Public key infrastructures represent an amalgam of servers, databases, and management consoles that can be spread across multiple sites as well as the cloud. This makes it difficult to know who is responsible for what aspect of security. You’re going to need to audit access records on a regular basis to ensure accounts are being used properly and that key, trust, and identity databases are consistently up-to-date.
Chances are, you’re going to find confusion over key storage locations, unmaintained identity databases with old records, etc. With a segmented security model, it’s easy for manual tasks like key swaps and updating identity databases when things change (new partner organization, a user leaves the bank, etc.) to be missed. Security measures like a PKI don’t always integrate into existing back-end systems, leaving even more tasks to be completed manually.
What you may find is that many of these potential attack vectors can be eliminated by replacing the multi-layer model with an encryption solution that works on the application layer instead. By locking down messaging at this high level, you no longer need to be as concerned with transport layer security, etc.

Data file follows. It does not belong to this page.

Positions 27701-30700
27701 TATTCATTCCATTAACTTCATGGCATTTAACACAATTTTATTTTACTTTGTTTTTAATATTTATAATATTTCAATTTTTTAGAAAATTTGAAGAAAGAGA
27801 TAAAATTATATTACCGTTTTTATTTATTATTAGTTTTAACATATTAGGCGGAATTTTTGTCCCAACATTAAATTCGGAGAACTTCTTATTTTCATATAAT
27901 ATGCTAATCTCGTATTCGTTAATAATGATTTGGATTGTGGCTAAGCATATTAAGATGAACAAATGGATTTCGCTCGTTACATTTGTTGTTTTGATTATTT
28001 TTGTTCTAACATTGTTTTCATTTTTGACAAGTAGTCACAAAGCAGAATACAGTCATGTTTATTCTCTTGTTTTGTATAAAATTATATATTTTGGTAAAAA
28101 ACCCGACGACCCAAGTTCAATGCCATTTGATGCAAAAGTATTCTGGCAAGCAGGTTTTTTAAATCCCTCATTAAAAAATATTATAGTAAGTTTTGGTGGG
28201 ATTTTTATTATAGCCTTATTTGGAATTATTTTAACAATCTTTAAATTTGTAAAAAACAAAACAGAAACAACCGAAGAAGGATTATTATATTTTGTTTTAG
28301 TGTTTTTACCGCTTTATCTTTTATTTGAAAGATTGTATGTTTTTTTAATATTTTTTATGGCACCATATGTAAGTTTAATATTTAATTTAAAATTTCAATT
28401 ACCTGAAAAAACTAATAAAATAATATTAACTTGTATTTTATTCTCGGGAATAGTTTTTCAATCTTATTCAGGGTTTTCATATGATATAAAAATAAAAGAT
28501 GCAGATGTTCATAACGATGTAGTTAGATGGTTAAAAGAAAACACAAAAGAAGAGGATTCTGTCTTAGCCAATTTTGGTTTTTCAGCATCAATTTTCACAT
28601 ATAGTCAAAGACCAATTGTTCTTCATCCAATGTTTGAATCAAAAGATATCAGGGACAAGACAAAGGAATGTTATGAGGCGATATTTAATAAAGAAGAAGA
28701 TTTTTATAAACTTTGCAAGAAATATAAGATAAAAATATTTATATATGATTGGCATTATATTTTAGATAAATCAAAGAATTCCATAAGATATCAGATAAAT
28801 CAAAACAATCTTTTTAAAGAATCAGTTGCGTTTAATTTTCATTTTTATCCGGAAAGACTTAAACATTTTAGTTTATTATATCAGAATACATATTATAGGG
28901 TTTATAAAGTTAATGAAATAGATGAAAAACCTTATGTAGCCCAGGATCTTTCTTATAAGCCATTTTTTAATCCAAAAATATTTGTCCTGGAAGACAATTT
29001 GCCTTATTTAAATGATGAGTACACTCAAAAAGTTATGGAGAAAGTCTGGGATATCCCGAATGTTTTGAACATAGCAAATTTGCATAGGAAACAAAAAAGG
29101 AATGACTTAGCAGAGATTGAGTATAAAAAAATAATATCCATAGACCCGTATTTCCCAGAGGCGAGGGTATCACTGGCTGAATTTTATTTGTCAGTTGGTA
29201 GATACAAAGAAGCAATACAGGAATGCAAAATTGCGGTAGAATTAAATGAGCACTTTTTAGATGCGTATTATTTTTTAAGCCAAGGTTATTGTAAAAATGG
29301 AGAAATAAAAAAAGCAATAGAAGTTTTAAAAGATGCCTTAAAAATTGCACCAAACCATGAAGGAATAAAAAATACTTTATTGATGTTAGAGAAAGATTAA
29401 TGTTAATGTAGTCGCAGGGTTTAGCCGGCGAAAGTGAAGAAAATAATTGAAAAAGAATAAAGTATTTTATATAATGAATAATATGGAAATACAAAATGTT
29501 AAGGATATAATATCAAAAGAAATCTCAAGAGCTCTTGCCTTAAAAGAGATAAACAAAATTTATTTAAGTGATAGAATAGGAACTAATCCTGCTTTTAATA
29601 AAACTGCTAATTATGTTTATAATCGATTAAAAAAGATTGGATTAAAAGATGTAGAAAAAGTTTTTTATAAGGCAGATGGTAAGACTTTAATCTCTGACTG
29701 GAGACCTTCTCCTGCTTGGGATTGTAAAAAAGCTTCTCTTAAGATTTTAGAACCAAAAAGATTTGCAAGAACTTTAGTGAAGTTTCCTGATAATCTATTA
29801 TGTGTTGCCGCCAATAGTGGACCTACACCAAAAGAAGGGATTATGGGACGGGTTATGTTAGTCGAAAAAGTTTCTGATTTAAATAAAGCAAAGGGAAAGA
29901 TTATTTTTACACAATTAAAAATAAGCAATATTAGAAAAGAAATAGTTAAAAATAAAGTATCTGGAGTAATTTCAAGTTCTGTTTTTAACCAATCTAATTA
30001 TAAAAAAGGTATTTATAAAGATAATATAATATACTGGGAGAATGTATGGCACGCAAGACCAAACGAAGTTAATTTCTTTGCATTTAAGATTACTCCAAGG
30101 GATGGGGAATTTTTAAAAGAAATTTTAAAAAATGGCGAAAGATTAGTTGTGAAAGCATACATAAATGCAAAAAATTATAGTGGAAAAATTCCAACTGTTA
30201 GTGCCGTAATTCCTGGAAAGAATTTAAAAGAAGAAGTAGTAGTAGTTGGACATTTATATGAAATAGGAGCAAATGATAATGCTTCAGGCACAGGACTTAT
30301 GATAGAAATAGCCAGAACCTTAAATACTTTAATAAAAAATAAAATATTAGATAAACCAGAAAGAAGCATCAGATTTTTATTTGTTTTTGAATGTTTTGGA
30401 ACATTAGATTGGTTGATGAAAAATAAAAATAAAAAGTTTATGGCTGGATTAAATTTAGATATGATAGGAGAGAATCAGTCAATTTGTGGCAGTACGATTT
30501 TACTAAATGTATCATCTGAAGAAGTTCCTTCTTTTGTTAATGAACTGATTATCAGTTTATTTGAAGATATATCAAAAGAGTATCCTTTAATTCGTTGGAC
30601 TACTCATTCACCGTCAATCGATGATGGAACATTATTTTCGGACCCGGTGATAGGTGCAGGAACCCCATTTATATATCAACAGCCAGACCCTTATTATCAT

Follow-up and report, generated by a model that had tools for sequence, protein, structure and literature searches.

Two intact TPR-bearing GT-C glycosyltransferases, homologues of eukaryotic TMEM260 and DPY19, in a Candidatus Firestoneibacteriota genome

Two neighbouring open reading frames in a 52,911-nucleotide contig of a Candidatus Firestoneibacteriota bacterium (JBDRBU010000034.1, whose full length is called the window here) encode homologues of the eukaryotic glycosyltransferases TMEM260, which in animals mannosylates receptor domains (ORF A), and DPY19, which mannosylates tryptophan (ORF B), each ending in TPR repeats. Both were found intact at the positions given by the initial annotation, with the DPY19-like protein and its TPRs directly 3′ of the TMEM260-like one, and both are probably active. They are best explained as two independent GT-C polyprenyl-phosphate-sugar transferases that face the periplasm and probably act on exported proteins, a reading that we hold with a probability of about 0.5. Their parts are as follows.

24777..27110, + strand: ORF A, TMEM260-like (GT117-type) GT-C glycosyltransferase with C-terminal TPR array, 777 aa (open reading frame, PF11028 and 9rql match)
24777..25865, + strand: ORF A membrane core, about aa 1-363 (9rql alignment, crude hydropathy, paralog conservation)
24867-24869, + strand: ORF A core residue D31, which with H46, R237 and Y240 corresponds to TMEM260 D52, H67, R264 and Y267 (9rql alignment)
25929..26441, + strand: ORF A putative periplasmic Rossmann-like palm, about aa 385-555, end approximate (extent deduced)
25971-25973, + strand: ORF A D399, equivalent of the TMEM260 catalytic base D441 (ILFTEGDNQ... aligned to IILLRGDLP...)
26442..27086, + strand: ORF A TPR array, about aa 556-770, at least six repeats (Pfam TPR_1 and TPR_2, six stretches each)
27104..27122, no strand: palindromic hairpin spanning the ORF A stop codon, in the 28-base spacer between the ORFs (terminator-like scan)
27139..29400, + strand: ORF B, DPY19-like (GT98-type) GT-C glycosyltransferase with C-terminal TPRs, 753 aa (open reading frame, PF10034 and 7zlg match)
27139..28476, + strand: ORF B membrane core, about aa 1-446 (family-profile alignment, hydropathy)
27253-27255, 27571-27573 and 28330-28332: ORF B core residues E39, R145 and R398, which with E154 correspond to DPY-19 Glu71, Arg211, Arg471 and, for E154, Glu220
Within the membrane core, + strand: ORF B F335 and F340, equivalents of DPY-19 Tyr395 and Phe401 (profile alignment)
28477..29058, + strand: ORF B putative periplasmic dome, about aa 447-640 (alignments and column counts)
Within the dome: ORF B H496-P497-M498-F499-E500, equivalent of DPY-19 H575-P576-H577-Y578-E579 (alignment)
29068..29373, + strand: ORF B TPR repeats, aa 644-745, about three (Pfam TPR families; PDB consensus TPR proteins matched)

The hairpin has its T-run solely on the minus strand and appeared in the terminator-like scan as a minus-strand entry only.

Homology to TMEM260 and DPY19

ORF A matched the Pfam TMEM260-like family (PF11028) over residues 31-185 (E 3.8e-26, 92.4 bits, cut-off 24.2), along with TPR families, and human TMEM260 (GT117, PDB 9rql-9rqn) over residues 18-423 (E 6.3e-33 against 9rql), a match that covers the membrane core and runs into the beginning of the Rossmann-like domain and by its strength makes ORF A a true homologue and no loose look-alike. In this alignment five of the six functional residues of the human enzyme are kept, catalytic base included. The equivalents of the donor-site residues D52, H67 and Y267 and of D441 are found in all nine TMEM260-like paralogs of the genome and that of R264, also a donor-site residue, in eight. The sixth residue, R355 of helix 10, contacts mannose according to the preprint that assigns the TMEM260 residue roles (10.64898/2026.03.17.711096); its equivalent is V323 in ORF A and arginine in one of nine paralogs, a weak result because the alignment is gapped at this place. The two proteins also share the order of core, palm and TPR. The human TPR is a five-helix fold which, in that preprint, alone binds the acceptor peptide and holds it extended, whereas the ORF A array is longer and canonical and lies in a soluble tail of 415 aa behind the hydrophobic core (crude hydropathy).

End-to-end (E2E) encryption like that offered by p≡p does just that, it works on the application layer, rendering encryption at other layers redundant and simplifying your security scheme significantly. Since the messages containing sensitive financial data are encrypted at the origin endpoint, and not decrypted until they arrive at the destination endpoint, there is no longer a need for encryption that operates at the transport layers (MQ, TLS, etc).
The P2P model also eliminates the need for centralized infrastructure. This enables fast deployment, simplified workflows, and less overhead costs for maintenance and support. Additionally, key, trust, and identity management can all be automated--further reducing the resources needed to successfully ensure the security of your financial messaging. In this scenario, all of your messages are covered across the entire back-office ecosystem, meaning that nothing can be sent, altered, or tampered with without your knowledge.